And while we may never know for certain whether a Carman would have identified the car in a mechanical inspection, we do know that Carmen are the only craft that would likely identify a blown/leaking seal on the wheel bearing. Because that’s the job of a Carman. That’s what they were trained to do.
To be clear: nothing should substitute the physical inspection of a qualified mechanical inspector.
We remain very supportive of the efforts made by Secretary Buttigieg and FRA Administrator Bose; unfortunately, we’ve had little help from the FRA’s Office of Rail Safety – an office that has never seen a safety waiver they didn’t like.
And thanks to years of rubber-stamping, expanding and extending safety waivers by the FRA’s Office of Rail Safety, it is safe to say that there exist hundreds if not thousands of rail cars traversing our rail network with FRA safety defects.
The railroads know it. Our Carmen know it. But to date, the Office of Rail Safety seems more intent on finding excuses for the railroads and their waivers, rather than being the tough, skeptical safety regulator that the American public expects and deserves.
No Time for Inspections
Another peril of PSR is the dramatic reduction in time that Carmen are allowed to perform inspections and maintenance (if they’re even exist at the property). The industry standard used to provide for 3-4 minutes per car. Today, our Carmen are forced to conduct these inspections in 60 seconds or less, which is physically impossible.
But that’s how the railroads want it. They don’t want our shop crafts inspecting things because inspections find defects, and defects means a train might be delayed while it’s fixed. In the railroads’ minds, it’s better to send the cars out the door rather than take the time to fix them.
The PSR model relies on speed at all costs, but the necessary maintenance of rolling stock and infrastructure is impossible due to the significant elimination or reduction of the workforce. Moreover, our infrastructure was not designed to support the train lengths we are commonly seeing today. Because many trains under PSR are too long to fit into the yard they are allowed to remain staged on the mainline, where they block crossings for first responders, and motorists while endangering communities across the country.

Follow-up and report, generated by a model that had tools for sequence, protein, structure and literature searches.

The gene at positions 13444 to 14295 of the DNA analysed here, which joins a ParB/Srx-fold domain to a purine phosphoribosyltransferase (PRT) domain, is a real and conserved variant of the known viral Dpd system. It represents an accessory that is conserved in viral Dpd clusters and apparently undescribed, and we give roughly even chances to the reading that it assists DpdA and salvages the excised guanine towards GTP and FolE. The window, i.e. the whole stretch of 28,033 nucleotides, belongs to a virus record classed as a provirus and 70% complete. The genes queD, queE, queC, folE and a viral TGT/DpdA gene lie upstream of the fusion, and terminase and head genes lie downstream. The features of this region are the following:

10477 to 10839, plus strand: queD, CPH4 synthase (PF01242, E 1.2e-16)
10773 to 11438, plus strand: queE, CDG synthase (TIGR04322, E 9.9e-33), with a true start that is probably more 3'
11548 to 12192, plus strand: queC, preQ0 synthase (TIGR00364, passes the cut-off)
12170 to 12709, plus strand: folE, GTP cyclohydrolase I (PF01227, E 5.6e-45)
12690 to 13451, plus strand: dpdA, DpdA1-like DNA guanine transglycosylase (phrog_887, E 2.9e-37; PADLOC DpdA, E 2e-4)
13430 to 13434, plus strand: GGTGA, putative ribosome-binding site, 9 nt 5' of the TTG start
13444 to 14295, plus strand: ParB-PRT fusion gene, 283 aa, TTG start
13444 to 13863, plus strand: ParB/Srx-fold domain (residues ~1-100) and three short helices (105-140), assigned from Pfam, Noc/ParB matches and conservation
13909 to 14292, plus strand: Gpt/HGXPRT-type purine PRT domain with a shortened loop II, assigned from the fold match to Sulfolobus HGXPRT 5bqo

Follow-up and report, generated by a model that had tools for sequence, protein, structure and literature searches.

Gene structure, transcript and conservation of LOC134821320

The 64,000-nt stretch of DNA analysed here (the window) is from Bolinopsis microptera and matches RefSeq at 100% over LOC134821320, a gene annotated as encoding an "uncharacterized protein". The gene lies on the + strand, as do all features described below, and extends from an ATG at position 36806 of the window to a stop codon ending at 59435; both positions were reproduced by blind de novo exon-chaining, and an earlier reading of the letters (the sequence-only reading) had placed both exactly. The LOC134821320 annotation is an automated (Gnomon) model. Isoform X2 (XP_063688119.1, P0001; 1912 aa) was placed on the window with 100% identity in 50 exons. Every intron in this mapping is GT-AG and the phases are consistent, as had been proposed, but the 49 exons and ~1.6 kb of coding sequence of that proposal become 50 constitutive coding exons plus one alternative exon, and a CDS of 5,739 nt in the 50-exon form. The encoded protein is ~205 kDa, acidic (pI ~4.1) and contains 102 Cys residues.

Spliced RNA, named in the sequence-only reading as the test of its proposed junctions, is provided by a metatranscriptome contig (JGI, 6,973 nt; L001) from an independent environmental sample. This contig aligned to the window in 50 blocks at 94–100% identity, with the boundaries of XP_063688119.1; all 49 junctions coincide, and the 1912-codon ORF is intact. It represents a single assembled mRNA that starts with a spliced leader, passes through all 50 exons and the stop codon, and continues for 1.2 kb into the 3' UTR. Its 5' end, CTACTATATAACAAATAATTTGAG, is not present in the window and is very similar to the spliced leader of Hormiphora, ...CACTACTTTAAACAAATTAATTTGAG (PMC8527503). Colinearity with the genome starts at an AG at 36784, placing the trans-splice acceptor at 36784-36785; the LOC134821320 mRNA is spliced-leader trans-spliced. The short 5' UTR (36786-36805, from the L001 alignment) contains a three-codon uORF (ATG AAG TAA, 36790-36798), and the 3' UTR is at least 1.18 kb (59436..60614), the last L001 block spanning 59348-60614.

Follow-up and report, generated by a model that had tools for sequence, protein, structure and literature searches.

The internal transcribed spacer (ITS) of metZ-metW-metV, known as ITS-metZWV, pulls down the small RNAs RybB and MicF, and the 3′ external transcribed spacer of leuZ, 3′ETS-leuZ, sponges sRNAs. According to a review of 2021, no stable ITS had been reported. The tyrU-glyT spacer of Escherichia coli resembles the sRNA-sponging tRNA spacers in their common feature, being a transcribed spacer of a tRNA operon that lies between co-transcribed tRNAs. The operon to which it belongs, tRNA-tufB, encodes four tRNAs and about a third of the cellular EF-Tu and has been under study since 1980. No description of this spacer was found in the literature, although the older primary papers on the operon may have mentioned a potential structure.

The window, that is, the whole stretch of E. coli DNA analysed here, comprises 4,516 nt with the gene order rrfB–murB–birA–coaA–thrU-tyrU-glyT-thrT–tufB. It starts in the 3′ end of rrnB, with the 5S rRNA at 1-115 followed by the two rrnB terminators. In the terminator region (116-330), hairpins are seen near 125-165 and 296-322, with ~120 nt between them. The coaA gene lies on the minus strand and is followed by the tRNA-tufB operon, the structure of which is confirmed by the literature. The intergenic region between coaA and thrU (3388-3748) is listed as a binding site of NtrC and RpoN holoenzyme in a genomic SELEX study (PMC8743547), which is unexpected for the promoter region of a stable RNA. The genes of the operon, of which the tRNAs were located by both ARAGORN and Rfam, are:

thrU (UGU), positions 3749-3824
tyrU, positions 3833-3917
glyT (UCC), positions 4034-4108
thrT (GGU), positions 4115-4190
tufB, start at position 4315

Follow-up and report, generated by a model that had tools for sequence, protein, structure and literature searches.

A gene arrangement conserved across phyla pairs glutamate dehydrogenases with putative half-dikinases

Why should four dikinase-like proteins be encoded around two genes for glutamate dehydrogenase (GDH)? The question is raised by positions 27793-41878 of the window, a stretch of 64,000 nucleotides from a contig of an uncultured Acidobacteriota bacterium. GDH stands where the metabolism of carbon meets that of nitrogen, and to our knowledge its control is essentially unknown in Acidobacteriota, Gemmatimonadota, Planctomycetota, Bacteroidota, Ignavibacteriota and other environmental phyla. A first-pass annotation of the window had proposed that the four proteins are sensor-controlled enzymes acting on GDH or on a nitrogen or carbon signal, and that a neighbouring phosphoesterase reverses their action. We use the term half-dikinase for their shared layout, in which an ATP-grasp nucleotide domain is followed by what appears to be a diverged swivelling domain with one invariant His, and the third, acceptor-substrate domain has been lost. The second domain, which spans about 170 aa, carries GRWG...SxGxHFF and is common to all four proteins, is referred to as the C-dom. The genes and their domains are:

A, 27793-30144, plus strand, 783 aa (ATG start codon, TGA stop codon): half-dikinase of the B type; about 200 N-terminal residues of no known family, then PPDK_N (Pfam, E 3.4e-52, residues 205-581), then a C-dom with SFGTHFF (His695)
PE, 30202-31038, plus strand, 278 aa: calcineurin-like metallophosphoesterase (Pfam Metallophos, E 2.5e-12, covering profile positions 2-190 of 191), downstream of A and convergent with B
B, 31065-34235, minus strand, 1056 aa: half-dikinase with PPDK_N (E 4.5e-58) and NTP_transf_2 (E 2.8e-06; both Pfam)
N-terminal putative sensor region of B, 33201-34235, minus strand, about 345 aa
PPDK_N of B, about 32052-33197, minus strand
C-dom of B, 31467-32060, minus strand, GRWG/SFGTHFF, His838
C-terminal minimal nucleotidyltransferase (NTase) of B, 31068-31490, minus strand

We have much to do to return our nation’s freight rail network to greatness, but first and foremost our regulators should begin by listening to front line employees, and perhaps take a more skeptical view of rail industry lobbyists and proposals every time they submit an excuse not to comply with safety regulations.
The big freight railroads have cut 30% of their workforce in the last 8 years. There has not been any great technological advancement during this time. Just a gradual move to forcing more work onto fewer people; avoiding safety measures and infrastructure investments, and providing worse service for customers. All to send $200 billion in stock buybacks and dividends to Wall Street over the past decade.
Again, we are grateful that Secretary Buttigieg has announced so many measures to begin holding the railroads accountable for their actions, and we will continue to work with the appropriate government agencies to ensure that a full and proper investigation can be completed in East Palestine. However, without any significant intervention to slow the PSR model there is no question that these unfortunate incidents will continue. East Palestine is the most recent proof that America’s railroad infrastructure is simply not designed to support PSR.
Artie Maratea serves as National President of the Transportation Communications Union (TCU/IAM)
Don Grissom serves as TCU/IAM Vice President & General President of the Brotherhood of Railway Carmen Division (BRC)
Here are a few of the recent safety comments/issues with which our union has raised concerns:
The IAM was part of a recent delegation of labor leaders to meet with the Ukrainian Ambassador to the United States.
Monica Lee Silbas, IAM Chief of Staff to the International President, represented the IAM at the meeting, which took place at the Ukrainian Embassy in Washington, DC.
As the largest aerospace and defense labor union in North America, IAM members produce and maintain much of the ammunition, air defense systems, missiles, rockets and more that the Ukrainian armed forces are using to defend against the Russian invasion.
“The work of IAM members helps the fight for peace and democracy throughout the world,” said Silbas. “Supporting Ukraine and its people is the right thing to do.”
Ambassador Oksana Markarova was thankful for the IAM and other unions, led by the Union Veterans Council, who are supporting Ukraine and its people.